science, knowledge representation), with an emphasis on practical aspects of research (e.g. industrial project experience, ontology development and open-source software developement being distinct advantages). Selected
      candidates are expected to have the willingness to combine formal scientific work with application-oriented research and development in projects funded by national and international (EU) funding agencies, as well as participating in
      open-source projects and standardization activities.

      Please submit your application (including cover letter, relevant publications or software implementation, full CV and contact details for two referees) to hr.ie@deri.org by 5pm on Friday, July 3rd with the subject line ‘PhD Position – DERI USS’. Candidates will be contacted in the first week of July and interviews will be then conducted for successful applications. For further information please contact Alexandre Passant (alexandre.passant@deri.org) and John Breslin (john.breslin@deri.org).

      CommonTag – An easy-to-use vocabulary for Semantic Tagging

      I’m happy to announce CommonTag, a new RDFS vocabulary for Semantic Tagging, designed to bridge the gap between free-text tagging and Linked Data. In a similar way that what I’ve done in the past with MOAT, CommonTag allows one to create links between his tags (as simple keywords) and the concept they represent, defined as URIs of Semantic Web resources, from public knowledge bases such as Freebase or DBpedia.

      What is especially relevant with regards to CommonTag is that the vocabulary aims to be simple to understand, easily accessible, and with an easy RDFa annotation process for end-users and Web developers. On the other hand, it features mappings with existing tagging vocabularies (the Tag Ontology, MOAT, SCOT, SIOC and SKOS) for those who want to go further or use their existing applications with this new model.

      But most interestingly, as one can see when browsing the website, a key feature is that CommonTag is not an isolated initiative but supported by various companies involved in the Semantic Web and the Social Web — and especially in both ! — namely (for the initial nucleus and by alphabetical order, hope it will grow soon !) AdaptiveBlue, DERI (NUI Galway), Faviki, Freebase, Yahoo, Zemanta and ZigTag – and I must add that was a great experience to design this vocabulary together !

      CommonTag is already supported in various applications as you can see on the website and on the following picture, from Zemanta to index your blog posts to Sindice to build applications on the top of it. And there is more to come soon, stay tuned ;-)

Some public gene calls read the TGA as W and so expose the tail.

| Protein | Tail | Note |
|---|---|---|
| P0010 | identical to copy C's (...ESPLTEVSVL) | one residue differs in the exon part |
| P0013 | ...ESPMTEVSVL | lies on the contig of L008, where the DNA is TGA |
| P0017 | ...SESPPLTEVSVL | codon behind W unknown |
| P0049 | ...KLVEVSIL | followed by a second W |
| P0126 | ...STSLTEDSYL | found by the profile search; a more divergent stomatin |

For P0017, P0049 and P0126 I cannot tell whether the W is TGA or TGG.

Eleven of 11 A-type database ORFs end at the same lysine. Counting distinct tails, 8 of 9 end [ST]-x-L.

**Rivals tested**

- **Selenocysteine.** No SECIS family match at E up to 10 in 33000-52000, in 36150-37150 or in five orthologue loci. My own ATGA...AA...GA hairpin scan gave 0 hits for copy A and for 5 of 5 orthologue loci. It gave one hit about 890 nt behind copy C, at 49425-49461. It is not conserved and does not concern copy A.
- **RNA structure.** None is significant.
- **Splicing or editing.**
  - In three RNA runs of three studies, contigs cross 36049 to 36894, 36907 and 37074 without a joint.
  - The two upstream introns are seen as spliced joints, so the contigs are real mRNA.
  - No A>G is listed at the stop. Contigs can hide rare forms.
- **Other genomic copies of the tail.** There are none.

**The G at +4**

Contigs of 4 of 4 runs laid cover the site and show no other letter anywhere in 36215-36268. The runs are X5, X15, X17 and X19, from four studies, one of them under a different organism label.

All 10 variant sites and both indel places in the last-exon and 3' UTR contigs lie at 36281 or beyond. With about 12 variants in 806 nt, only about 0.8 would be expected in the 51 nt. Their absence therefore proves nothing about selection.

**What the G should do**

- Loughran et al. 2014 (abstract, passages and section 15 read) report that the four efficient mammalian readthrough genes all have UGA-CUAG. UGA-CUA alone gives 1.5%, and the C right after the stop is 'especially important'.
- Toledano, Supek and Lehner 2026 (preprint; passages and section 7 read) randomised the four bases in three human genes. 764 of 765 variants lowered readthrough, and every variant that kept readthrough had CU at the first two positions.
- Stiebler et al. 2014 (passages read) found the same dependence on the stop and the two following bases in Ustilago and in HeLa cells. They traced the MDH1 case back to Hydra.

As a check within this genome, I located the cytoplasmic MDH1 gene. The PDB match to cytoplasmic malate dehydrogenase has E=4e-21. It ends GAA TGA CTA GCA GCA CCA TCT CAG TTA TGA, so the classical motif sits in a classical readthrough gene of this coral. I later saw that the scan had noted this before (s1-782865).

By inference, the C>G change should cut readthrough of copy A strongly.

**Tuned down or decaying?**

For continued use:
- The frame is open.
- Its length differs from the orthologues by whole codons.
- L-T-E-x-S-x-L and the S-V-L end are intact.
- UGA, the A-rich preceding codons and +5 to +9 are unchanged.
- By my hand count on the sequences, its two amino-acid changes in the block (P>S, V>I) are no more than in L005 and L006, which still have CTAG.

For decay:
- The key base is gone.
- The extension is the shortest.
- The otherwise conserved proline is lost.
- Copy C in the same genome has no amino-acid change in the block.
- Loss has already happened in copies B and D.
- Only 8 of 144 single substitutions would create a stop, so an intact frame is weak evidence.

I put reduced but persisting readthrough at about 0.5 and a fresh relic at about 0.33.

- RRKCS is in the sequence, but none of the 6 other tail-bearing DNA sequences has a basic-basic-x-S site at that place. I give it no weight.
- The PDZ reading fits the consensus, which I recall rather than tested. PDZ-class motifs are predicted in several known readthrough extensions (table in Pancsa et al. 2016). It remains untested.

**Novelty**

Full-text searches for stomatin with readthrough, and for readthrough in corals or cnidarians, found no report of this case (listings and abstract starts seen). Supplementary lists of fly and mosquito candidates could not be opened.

SDoW2008: Program and proceedings

      The program of SDoW2008 has just been published on the workshop website. In addition to the 7 full papers, 2 short papers and 2 demos, there will be two keynotes: the first one by Peter Mika on “Semantic Search and the Social Web” and the second one by Harry Halpin entitled “Beyond Walled Gardens: Open Standards for the Social Web”. Attending TPAC this week, I can tell that the second one is really a hot-topic: there were some discussions yesterday in the SWIG group meeting, two related lightning talks today, and an upcoming “Workshop on the Future of Social Networking” lead by the W3C Mobile Web Initiative.

      The SDoW proceedings were also officially published today on CEUR-WS, volume 405:
      http://CEUR-WS.org/Vol-405. If you’re attending the workshop, consider reading it before, as it might help Q/A and discussions. There will also be a lightnight talk session, so that any attendee will be able to present his works / ideas regarding Social Web and the Semantic Web.

      SIOC goes OWL-DL

      Just sent that to sioc-dev, but I guess it worth a larger announcement :

      We just made some changes to the SIOC Core ontology and to the related modules:

      - Added OWL-DL compliance statements for SIOC Core and the Types / Access / Services modules
      - Edited owl:disjointWith statements for some classes of SIOC Core
      - Removed domain of sioc:note
      - Removed domain of sioc:has_owner and range of sioc:owner_of
      - Defined sioc:account_of as inverse property of foaf:holdsAccount
      - Defined sioc:avatar as a subproperty of foaf:depiction

      So, SIOC is now OWL-DL !